Part II: Will there ever be a killer app in robotics?

innovative technology from telepresence robotics

“Space, The Final Frontier.” - Captain James T. Kirk (Star Trek)

Robots in space are some of the most intriguing images and also some of the most hostile conditions. Enter Planetary Resources, the world first asteroid mining company. Their goal is to use a team of various robotic spacecraft and satellites to identify near earth asteroids that are promising. According to their website, a single 500 meter platinum rich asteroid contains the equivalent of all the platinum metals mined in known history. Near earth asteroids containing water can also be mined, providing outposts for space exploration. This is a really intriguing company who’s technology could facilitate human space exploration. As you discover asteroids with water, it allows you to effectively live off the land, or in space as it were. You can use water not only to drink but to create oxygen and forms of rocket fuel.

Currently there is strong speculation that Europa, one of Jupiter’s moons, has a sea of water underneath its icy crust. Though it will still take several years to travel there via a manned craft, movies like Avatar seem more science than fiction. I will admit however, that though there would be little demand for a consumer application involving mining, the results of this venture will have broad impacts on applications from cell phones to fuel cells. Getting back to earth, UAV’s or drones have become more popular recently, not just because of their exposure in the news from military missions. Companies like DIY drones, are allowing a growing cadre of aviation enthusiast to fly their planes and copters with sensors and control beyond what a typical R/C plane can do. While this market is limited in the US due to FAA regulations, several First Responders, Police departments, and Government agencies like the U.S. Department of Wildlife are embracing this technology to reduce risky flights.

The current law requires that users obtain permission from the FAA to fly UAV’s, but, by 2015, they are required to lay out rules to integrate drone use into US airspace. The applications and financial benefits for drone technology are substantial. When you consider the existing miles of oil and gas pipelines that are constantly being inspected, crop fields that can be dusted, and scientific research that can be performed by a UAV as opposed to a piloted aircraft, the market is expected to grow into the billions of dollars. An area with the most obvious need of robots would be Eldercare, but as most home health aides make little more than minimum wage, any robot costing more than $100,000 would have a tough time without financing or leasing options.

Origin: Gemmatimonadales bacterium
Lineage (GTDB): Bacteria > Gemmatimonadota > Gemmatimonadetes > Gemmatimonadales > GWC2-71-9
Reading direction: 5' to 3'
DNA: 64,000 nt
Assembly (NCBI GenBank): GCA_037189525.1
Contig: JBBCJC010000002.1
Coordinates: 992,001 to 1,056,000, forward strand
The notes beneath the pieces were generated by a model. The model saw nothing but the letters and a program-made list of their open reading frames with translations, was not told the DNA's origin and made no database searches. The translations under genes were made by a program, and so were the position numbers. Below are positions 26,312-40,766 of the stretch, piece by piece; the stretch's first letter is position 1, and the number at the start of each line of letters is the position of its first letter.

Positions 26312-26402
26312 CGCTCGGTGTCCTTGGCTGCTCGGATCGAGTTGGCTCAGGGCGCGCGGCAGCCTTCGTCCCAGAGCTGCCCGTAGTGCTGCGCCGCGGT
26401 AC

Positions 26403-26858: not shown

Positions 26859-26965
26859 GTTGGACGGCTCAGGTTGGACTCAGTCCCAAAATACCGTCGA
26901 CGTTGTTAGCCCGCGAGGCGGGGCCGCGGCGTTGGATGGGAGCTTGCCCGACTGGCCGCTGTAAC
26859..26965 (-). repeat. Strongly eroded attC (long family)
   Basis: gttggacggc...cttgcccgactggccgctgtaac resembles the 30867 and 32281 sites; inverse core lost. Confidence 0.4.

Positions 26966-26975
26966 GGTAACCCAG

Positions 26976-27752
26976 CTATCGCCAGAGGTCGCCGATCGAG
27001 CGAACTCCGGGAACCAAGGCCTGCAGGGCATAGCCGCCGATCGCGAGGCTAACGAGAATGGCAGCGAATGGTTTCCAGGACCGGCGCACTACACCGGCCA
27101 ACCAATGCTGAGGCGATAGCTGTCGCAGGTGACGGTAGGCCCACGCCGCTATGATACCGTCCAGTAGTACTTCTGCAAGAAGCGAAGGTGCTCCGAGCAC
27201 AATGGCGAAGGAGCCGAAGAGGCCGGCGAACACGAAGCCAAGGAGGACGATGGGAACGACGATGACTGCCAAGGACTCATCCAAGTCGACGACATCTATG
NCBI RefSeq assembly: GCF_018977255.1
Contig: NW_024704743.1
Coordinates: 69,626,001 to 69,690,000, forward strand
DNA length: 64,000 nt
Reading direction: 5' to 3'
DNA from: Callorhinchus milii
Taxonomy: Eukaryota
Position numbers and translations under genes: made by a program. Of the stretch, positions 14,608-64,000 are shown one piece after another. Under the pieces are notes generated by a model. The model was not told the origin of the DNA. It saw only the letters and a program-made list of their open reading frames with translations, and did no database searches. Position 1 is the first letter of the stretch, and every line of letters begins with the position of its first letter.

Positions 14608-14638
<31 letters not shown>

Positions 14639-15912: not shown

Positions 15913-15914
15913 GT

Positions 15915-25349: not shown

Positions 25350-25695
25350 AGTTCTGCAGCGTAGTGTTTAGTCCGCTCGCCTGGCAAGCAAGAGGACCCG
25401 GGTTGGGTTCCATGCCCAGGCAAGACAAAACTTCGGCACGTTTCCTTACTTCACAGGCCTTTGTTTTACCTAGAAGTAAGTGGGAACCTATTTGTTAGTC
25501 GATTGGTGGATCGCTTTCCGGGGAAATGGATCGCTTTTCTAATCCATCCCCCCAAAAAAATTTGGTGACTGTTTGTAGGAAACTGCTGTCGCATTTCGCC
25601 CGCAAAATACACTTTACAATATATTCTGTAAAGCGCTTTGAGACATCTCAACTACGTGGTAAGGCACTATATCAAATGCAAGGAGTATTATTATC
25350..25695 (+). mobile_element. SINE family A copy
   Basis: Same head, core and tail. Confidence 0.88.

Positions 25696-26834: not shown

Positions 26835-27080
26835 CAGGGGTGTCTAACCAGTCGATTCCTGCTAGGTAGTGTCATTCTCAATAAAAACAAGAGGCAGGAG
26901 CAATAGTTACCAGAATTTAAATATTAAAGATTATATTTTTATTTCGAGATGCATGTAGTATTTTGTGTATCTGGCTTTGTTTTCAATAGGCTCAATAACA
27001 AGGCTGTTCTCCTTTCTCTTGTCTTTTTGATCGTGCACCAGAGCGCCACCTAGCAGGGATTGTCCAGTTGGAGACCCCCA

Telepresence has filled a part of the void, but with no current models having arms or intelligence other than moving point to point on a known area, there is limited functionality. The ability to scan a person for vital health signs, fold laundry, and cook a simple meal would at least be a start, but again, there is no one robot that does all of these tasks consistently well. One company in stealth mode is tackling the task: Hoaloha Robotics. We can only speculate what they will develop, but they seem to be targeting home health care. A prime opportunity for robotics is automobiles. We spend hours in them each week, sometimes each day travelling to and from work, errands around town, and occasionally a nice drive in the mountains.

Autonomous cars would easily free up at least one hour or more per day for the typical American. Several states have already passed laws regarding autonomous cars, and multiple companies have developed working prototypes. Auto-parking features can already be found on vehicles from Ford, Lexus, and BMW. Google is perhaps the most public about their design, though there are several universities like Carnegie Mellon University, Purdue, and University of Michigan. Thanks to competitions like the DARPA Grand Challenge held in 2005, Volkswagen and GM teamed up with some of the Universities who entered to compete in an historic 150 mile off-road race, that was completed autonomously.

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